Sophie Taeuber-Arp (1889-1943) was an artist but also a dancer, designer, puppet maker, architect and editor. A true pioneer of modern art, for Taeuber-Arp, abstraction was never just an idea; it was her way of life. This ‘lived abstraction’ plays a large part in the exhibition as the artworks on show, many together for the first time, explore how Taueber-Arp’s subversive, dissident and often revolutionary style radiated into every facet of her life and paved the way for modern artists to come.
Taeuber-Arp became a teacher after studying art and dance and later taught others how to design patterns for textiles. In the terrible wake of the first world war, European civilisation was on the brink of collapse and a group of young people were rebelling from the world of destruction around them. They themselves defined themselves as nonsensical, cynical, savage and abstract – the dadaists. Responsible for co-founding the dada art movement, Tauber-Arp’s way with colours and shapes unlocked new possibilities in art, costume and interior design.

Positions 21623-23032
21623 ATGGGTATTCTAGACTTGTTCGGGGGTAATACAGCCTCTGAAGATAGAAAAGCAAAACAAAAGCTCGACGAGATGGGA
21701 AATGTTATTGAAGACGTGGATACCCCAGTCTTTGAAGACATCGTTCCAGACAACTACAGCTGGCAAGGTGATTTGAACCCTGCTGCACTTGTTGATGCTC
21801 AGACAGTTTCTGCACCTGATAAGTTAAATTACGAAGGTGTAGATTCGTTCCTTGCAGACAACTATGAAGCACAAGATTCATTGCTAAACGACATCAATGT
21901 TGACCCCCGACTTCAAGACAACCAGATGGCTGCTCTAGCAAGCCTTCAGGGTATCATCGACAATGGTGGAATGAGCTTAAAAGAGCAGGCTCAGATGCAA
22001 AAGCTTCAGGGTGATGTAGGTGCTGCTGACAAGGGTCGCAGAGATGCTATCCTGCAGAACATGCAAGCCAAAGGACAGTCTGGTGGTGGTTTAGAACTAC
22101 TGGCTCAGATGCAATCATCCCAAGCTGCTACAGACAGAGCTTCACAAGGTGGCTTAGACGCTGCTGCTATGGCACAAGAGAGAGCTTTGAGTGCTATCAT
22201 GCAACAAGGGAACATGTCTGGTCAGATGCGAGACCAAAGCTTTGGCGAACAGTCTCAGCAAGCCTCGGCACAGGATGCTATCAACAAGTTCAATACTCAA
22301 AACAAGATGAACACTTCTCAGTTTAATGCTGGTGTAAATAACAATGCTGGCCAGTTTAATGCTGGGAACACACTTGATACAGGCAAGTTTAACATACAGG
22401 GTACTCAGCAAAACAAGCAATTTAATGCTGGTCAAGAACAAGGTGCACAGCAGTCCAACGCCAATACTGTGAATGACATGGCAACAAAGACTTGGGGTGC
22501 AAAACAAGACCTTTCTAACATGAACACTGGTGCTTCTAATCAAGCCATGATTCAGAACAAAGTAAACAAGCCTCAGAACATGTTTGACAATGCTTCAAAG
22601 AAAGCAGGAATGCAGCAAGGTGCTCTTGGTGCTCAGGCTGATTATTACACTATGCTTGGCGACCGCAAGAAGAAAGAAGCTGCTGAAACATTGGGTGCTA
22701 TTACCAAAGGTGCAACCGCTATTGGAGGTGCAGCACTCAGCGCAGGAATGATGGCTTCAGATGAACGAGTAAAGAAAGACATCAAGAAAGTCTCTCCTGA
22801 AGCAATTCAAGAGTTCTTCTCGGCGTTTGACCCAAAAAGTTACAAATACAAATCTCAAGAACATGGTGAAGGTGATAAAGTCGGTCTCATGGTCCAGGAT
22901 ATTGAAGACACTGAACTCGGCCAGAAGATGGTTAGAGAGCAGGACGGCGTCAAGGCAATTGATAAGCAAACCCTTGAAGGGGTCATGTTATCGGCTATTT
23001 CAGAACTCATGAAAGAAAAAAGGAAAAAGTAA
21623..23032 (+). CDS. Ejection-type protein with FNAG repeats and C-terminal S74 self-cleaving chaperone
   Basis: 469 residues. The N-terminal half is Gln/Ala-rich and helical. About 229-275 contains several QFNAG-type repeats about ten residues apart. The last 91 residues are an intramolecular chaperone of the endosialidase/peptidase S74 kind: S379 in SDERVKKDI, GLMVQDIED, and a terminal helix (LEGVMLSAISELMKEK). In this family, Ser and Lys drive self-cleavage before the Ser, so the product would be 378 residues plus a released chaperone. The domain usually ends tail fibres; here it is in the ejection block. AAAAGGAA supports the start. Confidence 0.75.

Liberated and yet ordered, radical, yet structured, Taueber-Arp’s work invites us to dance within a grid, to break boundaries by following her rules. Tied so closely with dance, poetry and performance, Taueber-Arp created the perfect escapism from the troubled and violent society around her, making this publication a pertinentexploration of what it means to create ones own personal order in an increasingly unstable world.